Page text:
Education workshop goes ‘Beyond the Stereotype’

Wednesday March 30th 2022

From left: Dr Noel Purdy, Stranmillis University College; Linsey Farrell, Department of Education; Dr Peter Hamill, TRC Secretary; Rosemary Rainey OBE, TRC Chair; and Archbishop John McDowell.

A lively discussion involving around 50 representatives from churches, schools and a range of other key organisations with a role in education took place in Portadown, on Friday March 25 with a view to helping our children and young people to reach their full potential.

The workshop at Seagoe Parish Centre was hosted by the Transferor Representatives’ Council – representing the Church of Ireland, Presbyterian Church and Methodist Church in relation to education in Northern Ireland – and focused on a new research report from Stranmillis University College Beyond the Stereotype: Approaches to Educational Under(Achievement) in the Controlled Sector in Northern Ireland.

The study, which was commissioned and funded by the TRC, aims to go ‘beyond the stereotype’ of the well-documented challenge of underachievement among Protestant working-class boys from disadvantaged inner-city communities, and to ‘cast the net wider’ to provide a broader and more representative picture.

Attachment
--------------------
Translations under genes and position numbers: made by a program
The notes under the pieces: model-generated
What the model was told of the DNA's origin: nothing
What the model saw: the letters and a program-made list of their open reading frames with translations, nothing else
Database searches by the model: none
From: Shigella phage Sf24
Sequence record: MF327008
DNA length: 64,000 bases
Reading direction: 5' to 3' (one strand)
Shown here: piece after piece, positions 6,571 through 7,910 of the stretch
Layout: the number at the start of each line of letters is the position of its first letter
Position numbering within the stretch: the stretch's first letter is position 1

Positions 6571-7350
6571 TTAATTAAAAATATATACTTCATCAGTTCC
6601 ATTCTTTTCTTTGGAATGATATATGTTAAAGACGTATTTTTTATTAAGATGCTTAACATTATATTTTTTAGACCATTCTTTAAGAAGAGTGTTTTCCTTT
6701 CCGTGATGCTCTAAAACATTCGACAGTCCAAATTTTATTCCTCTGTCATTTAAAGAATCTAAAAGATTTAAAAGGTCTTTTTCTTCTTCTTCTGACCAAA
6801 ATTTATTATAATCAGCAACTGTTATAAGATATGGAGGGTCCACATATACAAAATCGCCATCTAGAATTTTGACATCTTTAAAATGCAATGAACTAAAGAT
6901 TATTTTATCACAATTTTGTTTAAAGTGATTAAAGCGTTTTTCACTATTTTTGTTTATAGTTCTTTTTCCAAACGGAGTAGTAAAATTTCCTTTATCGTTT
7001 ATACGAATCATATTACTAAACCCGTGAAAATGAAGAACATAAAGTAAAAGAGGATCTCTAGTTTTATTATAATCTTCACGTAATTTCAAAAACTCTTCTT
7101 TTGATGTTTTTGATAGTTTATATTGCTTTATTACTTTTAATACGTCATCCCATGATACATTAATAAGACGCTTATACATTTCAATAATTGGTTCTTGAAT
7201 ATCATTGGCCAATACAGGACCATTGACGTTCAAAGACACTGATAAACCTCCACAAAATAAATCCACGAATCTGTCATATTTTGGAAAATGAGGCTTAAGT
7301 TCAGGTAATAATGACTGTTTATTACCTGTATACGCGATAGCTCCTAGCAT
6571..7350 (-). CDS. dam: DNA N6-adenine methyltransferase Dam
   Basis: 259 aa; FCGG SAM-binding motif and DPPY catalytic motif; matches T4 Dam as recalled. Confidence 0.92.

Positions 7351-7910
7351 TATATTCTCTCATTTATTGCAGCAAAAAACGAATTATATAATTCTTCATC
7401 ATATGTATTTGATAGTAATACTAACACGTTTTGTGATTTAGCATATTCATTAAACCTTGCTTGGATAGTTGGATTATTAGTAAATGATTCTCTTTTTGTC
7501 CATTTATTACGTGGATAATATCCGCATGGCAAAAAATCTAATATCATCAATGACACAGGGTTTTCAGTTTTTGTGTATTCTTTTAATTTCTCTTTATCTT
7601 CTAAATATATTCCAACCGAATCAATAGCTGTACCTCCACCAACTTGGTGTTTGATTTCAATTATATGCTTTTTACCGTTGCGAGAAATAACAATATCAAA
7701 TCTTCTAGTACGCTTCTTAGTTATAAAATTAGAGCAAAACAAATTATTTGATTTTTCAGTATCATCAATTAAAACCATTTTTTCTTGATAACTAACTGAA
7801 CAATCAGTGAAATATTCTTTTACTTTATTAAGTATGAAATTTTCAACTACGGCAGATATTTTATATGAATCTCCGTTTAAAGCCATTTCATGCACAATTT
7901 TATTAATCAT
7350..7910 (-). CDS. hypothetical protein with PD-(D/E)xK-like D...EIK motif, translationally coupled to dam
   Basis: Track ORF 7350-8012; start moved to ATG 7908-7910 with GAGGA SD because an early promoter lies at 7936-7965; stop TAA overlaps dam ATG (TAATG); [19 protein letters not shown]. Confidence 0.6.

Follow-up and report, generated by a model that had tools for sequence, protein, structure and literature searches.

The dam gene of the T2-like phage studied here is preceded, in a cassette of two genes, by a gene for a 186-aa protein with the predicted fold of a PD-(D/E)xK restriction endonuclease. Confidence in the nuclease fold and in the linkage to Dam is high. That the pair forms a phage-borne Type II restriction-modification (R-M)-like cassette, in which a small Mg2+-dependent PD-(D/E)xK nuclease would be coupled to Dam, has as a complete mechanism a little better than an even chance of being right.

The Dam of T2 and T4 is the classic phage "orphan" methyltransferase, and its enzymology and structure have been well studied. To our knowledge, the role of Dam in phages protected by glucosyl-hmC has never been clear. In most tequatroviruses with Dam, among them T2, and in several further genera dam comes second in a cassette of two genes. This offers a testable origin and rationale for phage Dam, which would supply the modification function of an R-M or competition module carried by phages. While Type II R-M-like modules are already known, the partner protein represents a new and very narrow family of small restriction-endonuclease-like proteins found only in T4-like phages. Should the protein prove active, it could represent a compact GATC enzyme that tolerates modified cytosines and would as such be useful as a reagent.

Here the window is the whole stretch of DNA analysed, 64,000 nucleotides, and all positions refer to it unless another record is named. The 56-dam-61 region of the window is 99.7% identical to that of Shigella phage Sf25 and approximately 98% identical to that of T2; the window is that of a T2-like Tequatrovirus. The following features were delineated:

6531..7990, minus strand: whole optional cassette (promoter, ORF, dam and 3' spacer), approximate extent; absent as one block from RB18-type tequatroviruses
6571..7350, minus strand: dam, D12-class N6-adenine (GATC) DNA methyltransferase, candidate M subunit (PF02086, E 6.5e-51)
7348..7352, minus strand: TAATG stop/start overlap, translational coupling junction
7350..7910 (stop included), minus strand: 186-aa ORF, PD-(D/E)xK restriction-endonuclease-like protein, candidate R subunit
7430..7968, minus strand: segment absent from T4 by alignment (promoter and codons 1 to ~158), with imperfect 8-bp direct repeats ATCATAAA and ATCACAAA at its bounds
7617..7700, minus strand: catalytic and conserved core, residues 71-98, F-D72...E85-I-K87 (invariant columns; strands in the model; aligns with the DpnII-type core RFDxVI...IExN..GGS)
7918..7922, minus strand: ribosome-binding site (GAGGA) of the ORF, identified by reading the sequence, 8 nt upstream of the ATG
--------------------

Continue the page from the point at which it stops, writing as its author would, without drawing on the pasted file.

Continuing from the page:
Particular challenges in rural communities, which have not been reported extensively to date in previous studies, are identified with some school leaders speaking of the difficulty in motivating boys to work hard towards GCSEs.

Significantly, Beyond the Stereotype also finds that while pupils view educational achievement as largely related to success in external exams (such as GCSEs and A-levels), many school and community leaders (including employers) place greater value on a wider range of skills and abilities, and pupils’ mental and physical health, self-confidence, happiness and willingness to learn.

Dr Noel Purdy, who led the research through Stranmillis’ Centre for Research in Educational Underachievement, said: “We’ve certainly identified lots of challenges – there are big challenges facing controlled schools and indeed every school in Northern Ireland – but what we did see was a diverse, committed, community-orientated and innovative sector which is committed to maximising achievement for all children.  In other words, allowing all the children in schools to stand tall and achieve to their full potential.”

The TRC represents its member churches in all matters of education in the region, and oversees the appointment of over 1,500 governors to controlled schools.  The three churches transferred (hence the origin of transferors) their school buildings, pupils and staff into state control on the understanding that the Christian ethos of these schools would be maintained. 

You can find out more about the TRC through its website at  More information on the work of the Centre for Research in Educational Underachievement (CREU) can be found at

Attendees at the TRC’s Beyond the Stereotype workshop in Seagoe Parish Centre.

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